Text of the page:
Rhubarb Love it for its Taste; Eat it for Your Health

Rhubarb is a rich source of nutrients providing 45% of the Daily Value for Vitamin K in a serving size of 1 cup.
Rhubarb Love it for its Taste; Eat it for Your Health - Articles


In addition, rhubarb provides phytochemicals to help our body prevent chronic diseases.

A welcoming sign that spring has come is the emergence of rhubarb stalks out of the cool wet soil to bathe in the warm spring temperatures occurring across the state. Seen at its peak of freshness during May and June, rhubarb can still be harvested in the later part of summer. Rhubarb is a prized vegetable often eaten as a fruit and sought out by those who cherish the tart taste. Harvesting rhubarb is best achieved by pulling the stalks downward and to one side, to snap the stalk from the ground and only removing less than 1/3 of the stalks from the mature plant. Plants selected for harvesting should be at least two years old, which allows for a more mature plant producing larger stalks and faster regrowth for future harvesting. Select stalks for bright pink or deep red color, crisp and free of insect damage. The brighter or darker stalks have more sweetness. Rhubarb leaves are poisonous and should never be eaten. Process the rhubarb by discarding the leaves and composting.

Rhubarb is versatile and can be used fresh and consumed either raw or cooked. In addition it can be frozen raw, or cooked. Rhubarb is excellent for canning and can be processed as a high acidified food requiring a boiling water bath.

Rhubarb is a rich source of nutrients providing 45% of Daily Value of Vitamin K in a serving size of 1 cup. In addition, rhubarb contains Vitamin C and A, along with Folate, Riboflavin, and Niacin. Rhubarb provides 32% of Daily Value of manganese in a serving. Other nutrient/minerals include Iron, Potassium and Phosphorus. Rhubarb is also comprised of phytochemicals and phenols that provide the body with additional health benefits. The antioxidants present in the deep red stalks contain anthocyanin and lycopene, which have been shown to help prevent cardiovascular disease and have anti-carcinogenic effects towards the prevention of cancer. Over forty-two types of phytonutrients and chemicals are present in rhubarb.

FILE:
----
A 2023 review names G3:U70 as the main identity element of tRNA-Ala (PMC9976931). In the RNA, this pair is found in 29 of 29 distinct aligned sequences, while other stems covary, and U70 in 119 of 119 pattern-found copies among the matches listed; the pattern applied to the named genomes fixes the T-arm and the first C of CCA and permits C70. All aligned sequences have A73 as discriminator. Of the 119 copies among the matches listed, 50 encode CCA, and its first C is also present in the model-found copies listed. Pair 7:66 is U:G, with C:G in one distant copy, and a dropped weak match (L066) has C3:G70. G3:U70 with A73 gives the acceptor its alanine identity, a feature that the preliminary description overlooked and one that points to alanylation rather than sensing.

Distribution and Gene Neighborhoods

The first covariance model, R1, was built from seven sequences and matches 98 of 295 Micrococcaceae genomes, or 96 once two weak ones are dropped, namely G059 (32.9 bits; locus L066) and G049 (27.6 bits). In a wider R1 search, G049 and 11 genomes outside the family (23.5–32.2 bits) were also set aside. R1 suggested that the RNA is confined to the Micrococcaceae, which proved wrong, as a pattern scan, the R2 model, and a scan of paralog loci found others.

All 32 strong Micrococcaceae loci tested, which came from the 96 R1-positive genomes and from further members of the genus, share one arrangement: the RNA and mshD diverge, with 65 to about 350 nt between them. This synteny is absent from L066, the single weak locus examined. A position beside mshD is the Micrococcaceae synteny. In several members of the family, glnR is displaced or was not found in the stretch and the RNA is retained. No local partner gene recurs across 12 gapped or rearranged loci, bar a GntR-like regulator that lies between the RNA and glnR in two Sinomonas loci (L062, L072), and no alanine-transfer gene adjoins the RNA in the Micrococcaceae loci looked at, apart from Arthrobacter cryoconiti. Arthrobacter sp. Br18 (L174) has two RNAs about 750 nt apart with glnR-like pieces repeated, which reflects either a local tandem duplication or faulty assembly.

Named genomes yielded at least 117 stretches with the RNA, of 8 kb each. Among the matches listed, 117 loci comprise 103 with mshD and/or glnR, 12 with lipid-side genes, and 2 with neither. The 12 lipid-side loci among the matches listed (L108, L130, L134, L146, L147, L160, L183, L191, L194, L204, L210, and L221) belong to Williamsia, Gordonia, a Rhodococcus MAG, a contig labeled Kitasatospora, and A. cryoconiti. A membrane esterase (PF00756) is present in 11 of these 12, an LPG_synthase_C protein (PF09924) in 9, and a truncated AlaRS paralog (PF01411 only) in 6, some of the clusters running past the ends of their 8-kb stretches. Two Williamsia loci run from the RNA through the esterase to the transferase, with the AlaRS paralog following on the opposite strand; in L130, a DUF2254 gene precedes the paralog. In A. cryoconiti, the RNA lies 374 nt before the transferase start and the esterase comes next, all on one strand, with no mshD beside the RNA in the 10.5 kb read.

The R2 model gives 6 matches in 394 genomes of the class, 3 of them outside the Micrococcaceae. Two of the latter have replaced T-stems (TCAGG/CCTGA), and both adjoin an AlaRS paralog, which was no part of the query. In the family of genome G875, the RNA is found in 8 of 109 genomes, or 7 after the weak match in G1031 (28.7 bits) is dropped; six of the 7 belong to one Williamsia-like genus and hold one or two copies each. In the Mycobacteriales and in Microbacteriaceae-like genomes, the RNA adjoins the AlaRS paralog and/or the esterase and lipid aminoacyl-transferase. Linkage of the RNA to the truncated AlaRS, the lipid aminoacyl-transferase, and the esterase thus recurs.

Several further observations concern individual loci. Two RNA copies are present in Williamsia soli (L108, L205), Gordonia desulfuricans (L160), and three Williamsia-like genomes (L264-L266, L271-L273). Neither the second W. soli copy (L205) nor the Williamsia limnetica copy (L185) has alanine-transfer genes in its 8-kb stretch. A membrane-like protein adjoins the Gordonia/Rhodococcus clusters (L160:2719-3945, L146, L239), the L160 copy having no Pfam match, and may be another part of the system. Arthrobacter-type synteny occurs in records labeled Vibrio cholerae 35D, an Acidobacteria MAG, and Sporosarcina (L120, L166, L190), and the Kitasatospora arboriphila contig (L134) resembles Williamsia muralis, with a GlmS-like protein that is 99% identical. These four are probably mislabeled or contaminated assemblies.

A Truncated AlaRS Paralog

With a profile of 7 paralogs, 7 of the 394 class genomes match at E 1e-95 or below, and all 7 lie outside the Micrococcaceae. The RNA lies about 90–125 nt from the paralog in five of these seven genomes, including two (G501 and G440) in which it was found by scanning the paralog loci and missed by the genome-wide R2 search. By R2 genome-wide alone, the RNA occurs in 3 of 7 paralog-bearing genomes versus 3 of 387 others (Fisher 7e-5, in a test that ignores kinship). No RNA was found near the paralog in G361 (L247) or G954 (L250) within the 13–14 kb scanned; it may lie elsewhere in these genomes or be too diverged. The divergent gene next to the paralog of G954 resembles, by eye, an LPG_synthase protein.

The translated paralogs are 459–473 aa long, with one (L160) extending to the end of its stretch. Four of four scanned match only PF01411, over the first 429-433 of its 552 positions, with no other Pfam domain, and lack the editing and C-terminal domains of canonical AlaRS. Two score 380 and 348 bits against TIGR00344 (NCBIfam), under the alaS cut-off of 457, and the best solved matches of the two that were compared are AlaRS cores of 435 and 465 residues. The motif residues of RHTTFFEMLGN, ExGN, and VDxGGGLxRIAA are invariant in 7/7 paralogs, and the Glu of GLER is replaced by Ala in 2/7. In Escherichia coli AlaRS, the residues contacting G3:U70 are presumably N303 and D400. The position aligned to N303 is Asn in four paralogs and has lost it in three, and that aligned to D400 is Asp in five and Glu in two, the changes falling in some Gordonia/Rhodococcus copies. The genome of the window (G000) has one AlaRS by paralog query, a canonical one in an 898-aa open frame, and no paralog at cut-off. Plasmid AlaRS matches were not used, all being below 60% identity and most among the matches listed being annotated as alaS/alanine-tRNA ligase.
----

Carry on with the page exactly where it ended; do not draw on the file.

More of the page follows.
Rhubarb Crisp

Nothing says spring like rhubarb. Quick-to-prepare, single-serving fruit crisps like this one are an easy way to get dessert on the table anytime.

2 servings | Active Time: 15 minutes | Total Time: 50 minutes


  • 1 cup thinly sliced rhubarb
  • 1/2 cup chopped peeled apple
  • 3 tablespoons granulated sugar
  • 1 teaspoon instant tapioca
  • 1/4 teaspoon plus 1/8 teaspoon ground cinnamon, divided
  • 2 tablespoons all-purpose flour
  • 2 tablespoons old-fashioned rolled oats, (not steel-cut or instant)
  • 1 1/2 tablespoons packed dark brown sugar
  • 1 tablespoon unsalted butter, melted
  • 1/8 teaspoon salt


  1. Preheat oven to 350°F.
  2. Toss rhubarb, apple, granulated sugar, tapioca and 1/4 teaspoon cinnamon in a medium bowl. Divide between two 10-ounce (1 1/4-cup) oven-safe ramekins or custard cups.
  3. Mix flour, oats, brown sugar, butter, salt and the remaining 1/8 teaspoon cinnamon in a small bowl until crumbly. Sprinkle over the rhubarb mixture.
  4. Bake until bubbling and lightly browned, about 30 minutes. Cool for 5 minutes before serving.


Per serving

240 Calories; 9 g Fat; 4 g Sat; 2 g Mono; 15 mg Cholesterol; 47 g Carbohydrates; 3 g Protein; 3 g Fiber; 153 mg Sodium; 294 mg Potassium

3 Carbohydrate Servings

Make Ahead Tip

The topping (Step 3) will keep, covered, in the refrigerator for up to 1 week. | Equipment: Two 10-ounce (1 1/4-cup) oven-safe ramekins or custard cups